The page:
Similarly, to be in God’s image means to be creatures that continue His work of relating to everything He had made. We name things because we carry the Covenant with us; and by naming things we are the agents of God to bring them more deeply and more actively into Covenant with Him. When we name our children we are not asserting our authority over them; we are extending the Covenant relationship between God and ourselves to a new generation. Nicknames are common among the closest of friends because the nickname expresses the special character of the relationship, it deepens the sense of covenant between the parties involved. It is important to understand that when we think of the account of Genesis 1 and 2 as a covenant relationship between God and His creation, we ought to be thinking of a web of relationships. We are caught up in the middle of that Covenant. The covenant relationship is a transitive relationship: if I am in covenant with God and He is in covenant with you, then I am in covenant with you. When God gave Adam the job of naming the animals He was inviting him to explore the range and variety of the relationships that were his through Him.

In summary the “image of God” means that at the very core of our being we are creator/relators and the two roles are inextricably woven together. We create because we exist in a web of covenant relationships, and our creativity reveals, expresses, and extends the relationships we are responsible for. We are the bearers of the Covenant to the rest of the universe; and I think that the bearing of that Covenant was the primary meaning of our headship over the creation as well. Our job was to be the stewards of that original covenant, to foster it and extend it and elaborate it, to oversee the intricacies of how everything connects and relates to everything else, to nurture and educate the ability to love and share what one thing has with all other things.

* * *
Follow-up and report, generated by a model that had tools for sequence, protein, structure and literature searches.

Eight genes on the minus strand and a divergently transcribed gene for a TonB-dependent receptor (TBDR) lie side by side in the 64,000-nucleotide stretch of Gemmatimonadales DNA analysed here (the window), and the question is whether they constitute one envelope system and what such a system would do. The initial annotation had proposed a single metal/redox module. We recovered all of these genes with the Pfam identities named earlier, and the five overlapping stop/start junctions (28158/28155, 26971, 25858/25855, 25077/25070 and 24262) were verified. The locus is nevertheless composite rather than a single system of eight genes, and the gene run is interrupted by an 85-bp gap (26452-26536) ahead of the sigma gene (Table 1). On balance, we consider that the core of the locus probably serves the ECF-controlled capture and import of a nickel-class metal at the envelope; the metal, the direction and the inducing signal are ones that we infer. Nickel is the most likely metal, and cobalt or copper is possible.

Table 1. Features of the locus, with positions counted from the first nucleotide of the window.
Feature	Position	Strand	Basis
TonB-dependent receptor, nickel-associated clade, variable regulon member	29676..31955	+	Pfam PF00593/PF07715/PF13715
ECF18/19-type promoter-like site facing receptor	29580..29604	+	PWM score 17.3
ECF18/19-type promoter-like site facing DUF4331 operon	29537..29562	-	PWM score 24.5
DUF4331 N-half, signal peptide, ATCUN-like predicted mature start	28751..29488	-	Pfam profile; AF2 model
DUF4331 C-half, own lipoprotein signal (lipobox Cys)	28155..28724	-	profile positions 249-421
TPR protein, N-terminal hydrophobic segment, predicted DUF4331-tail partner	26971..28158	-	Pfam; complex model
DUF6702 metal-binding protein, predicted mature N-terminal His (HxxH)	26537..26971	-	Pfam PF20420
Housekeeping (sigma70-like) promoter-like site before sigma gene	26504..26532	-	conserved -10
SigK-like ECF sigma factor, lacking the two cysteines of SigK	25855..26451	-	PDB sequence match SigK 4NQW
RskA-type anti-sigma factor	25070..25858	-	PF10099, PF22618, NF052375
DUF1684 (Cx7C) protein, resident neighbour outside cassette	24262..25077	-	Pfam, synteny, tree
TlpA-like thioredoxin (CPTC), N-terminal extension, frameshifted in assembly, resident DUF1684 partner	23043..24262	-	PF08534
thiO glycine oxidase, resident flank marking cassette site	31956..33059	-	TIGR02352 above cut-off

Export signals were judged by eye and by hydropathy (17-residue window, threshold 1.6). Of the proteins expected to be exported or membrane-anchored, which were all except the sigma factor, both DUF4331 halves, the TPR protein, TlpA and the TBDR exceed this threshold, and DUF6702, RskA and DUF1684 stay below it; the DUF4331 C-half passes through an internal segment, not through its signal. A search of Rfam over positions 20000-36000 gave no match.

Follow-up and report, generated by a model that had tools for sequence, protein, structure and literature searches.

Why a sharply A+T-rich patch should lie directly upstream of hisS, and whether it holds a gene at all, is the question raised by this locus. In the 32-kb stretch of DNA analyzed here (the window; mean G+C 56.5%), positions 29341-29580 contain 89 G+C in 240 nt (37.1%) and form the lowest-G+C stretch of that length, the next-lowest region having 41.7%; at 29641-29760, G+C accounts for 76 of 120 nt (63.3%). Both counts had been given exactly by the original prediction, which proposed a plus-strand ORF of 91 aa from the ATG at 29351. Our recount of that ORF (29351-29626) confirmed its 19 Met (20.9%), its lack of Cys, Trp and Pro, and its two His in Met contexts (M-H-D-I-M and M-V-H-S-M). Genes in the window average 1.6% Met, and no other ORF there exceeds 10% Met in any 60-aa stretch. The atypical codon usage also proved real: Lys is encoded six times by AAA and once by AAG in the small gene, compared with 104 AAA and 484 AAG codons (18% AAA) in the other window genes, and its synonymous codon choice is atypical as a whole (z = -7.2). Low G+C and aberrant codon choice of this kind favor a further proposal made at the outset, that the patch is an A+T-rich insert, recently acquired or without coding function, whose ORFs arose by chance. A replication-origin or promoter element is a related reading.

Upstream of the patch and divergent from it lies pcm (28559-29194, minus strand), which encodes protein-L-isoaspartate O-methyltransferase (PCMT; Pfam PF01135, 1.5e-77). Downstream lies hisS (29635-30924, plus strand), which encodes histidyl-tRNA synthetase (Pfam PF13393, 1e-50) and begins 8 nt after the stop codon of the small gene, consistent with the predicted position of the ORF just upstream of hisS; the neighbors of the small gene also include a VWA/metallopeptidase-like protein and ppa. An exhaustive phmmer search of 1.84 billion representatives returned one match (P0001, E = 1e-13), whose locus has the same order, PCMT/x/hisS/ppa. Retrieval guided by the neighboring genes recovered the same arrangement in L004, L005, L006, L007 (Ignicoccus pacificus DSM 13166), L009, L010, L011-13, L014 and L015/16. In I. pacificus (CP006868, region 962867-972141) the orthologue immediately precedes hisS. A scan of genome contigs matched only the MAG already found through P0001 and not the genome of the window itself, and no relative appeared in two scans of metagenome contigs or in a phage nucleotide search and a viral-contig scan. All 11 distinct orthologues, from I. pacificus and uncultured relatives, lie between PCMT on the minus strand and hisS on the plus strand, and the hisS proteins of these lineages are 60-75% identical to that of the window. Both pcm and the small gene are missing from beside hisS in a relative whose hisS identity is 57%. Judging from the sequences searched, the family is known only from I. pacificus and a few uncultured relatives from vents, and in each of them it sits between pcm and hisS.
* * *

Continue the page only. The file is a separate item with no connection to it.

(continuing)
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5 Comments on “03. Genesis 1-2 part 3”

  1. Simone Says:

    Carroll, I find this to be the most rewarding post I’ve read, yet! You address a number of topics and ideas that offer fruitful discussion. I find so many of your points keen and beautifully expressed.

    I, too, do not think that artists (people) create, as creation, to me, necessitates the production of an origin. As you suggest, in the truest and divine sense of the term, people do not “create” anything. They work within a preexisting structure. Artists create post-creation, if you will, and use resources that enable them to forge the act of making.

    Your idea that god intentionally positioned mankind to be creative, and formed the universe in such a way to lend mankind to creative output, is a wonderful idea. Furthermore, the general idea that sub-creation, if you will, is part of god’s plan, is equally insightful. The reading you present of Genesis 1:1-5 is astute in suggesting that the act of creating is compelled by the very presence of absence, or default manifestation of darkness. Your suggestion that god strategically left people with the opportunity to create is powerful.

    I also enjoy your argument that people express their similitude, if you will, to god, not simply by the act of creating, but by having joy in the act of creating. I think this is an important point. Though god, according to your post, did not create the universe out of need, I think artists, conversely, must create out of need, without which the art is vanity. (But I know you’re not addressing artistic content and form, as much as the aesthetics of creativity, itself).

    Your section on naming is outstanding, and your argument that the inclination to name involves a divine impetus is one I agree with. Your notion that the intent of naming lies in the desire to know something better is also a strong one.